Sonatina in G for Violin and Piano, Op.100
Piano Trio No.2 in E minor, Op.67
Piano Trio in A minor, Op.50
Razumovsky Ensemble [Pavel Vernikov (violin), Oleg Kagan (cello) & Mihaela Ursuleasa (piano)]
Reviewed by: Richard Landau
Reviewed: 18 December, 2009
Venue: Wigmore Hall, London
Dvořák’s four-movement Sonatina would probably be better known if the composer had called it a Sonata. Written during Dvořák’s American period, its infectious melodies and rhythms have an affinity with such works as the ‘American’ String Quartet and the ‘New World’ Symphony. On this occasion the opening Allegro was decidedly risoluto, while the Larghetto was very touchingly played. Pavel Vernikov opened the scherzo with a striking gypsy-like touch, and overall in this movement, as in the finale, there was a satisfying blend of energy and tenderness.
Shostakovich’s profoundly intense E minor Piano Trio was written as a memorial to Ivan Sollertinsky (who died in 1944), a professor at the Leningrad Conservatoire and a close supporter of the composer. The extreme harmonics of the first movement’s eerie opening are extremely demanding, and the challenges were not entirely disguised on this occasion. Thereafter, the elegiac and nervous character of the music was effectively conveyed, with an eloquent contribution from Mihaela Ursuleasa. The scherzo had the requisite dynamism, albeit there was a hint of stridency. After a committed reading of the profoundly sad Largo, the players vividly transmitted the fear and violence of the finale, especially when the ‘Jewish’ theme that opened the movement made a final appearance prior to the work’s chill conclusion.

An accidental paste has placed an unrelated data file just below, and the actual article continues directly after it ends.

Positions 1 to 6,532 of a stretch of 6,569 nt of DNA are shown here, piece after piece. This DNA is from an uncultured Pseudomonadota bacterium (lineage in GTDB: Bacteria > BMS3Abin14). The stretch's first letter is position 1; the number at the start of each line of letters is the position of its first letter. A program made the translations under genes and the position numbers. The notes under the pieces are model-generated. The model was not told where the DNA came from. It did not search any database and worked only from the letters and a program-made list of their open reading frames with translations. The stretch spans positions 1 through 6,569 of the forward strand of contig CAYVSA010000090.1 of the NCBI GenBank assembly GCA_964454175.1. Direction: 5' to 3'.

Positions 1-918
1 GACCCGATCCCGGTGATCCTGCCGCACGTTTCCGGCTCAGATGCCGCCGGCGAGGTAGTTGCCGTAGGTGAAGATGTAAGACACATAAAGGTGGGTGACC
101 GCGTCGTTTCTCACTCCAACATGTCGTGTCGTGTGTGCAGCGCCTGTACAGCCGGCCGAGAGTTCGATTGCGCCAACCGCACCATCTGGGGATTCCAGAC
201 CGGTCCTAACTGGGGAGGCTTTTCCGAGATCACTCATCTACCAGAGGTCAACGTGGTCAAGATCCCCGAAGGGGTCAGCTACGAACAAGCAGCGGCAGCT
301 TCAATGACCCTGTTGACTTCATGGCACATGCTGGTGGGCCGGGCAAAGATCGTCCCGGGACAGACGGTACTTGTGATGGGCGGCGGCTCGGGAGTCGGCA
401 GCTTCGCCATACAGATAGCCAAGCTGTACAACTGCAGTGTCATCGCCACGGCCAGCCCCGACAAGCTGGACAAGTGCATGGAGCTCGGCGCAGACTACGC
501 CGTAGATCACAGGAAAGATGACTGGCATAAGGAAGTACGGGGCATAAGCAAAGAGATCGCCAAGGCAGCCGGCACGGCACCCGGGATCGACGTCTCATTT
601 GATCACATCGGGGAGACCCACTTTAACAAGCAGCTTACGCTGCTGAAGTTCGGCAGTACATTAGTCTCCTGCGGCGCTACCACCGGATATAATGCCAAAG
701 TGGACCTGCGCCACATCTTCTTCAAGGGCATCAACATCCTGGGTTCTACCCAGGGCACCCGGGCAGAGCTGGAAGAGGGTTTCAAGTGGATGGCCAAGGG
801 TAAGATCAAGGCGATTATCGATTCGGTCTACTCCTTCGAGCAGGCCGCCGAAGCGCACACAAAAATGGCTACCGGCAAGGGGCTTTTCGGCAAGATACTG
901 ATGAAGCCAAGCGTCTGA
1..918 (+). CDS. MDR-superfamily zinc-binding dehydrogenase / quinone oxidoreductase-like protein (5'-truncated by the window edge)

Tchaikovsky’s Piano Trio, likewise a tribute piece, was dedicated to the memory of Nikolai Rubinstein (who had passed away in 1881), the Director of the Moscow Conservatoire and an ardent supporter of Tchaikovsky. The first movement found all three musicians playing with passion and sensitivity, and the nobility of the music was ardently conveyed despite an occasional loss of momentum. Ursuleasa’s playing of the second movement’s ‘Theme’ was as unmannered as it was moving, and the ninth of the ensuing ‘Variations’ – the deeply felt Andante flebile – strongly reflected the memorial impulse behind the work, as did the brief funeral march at the very end.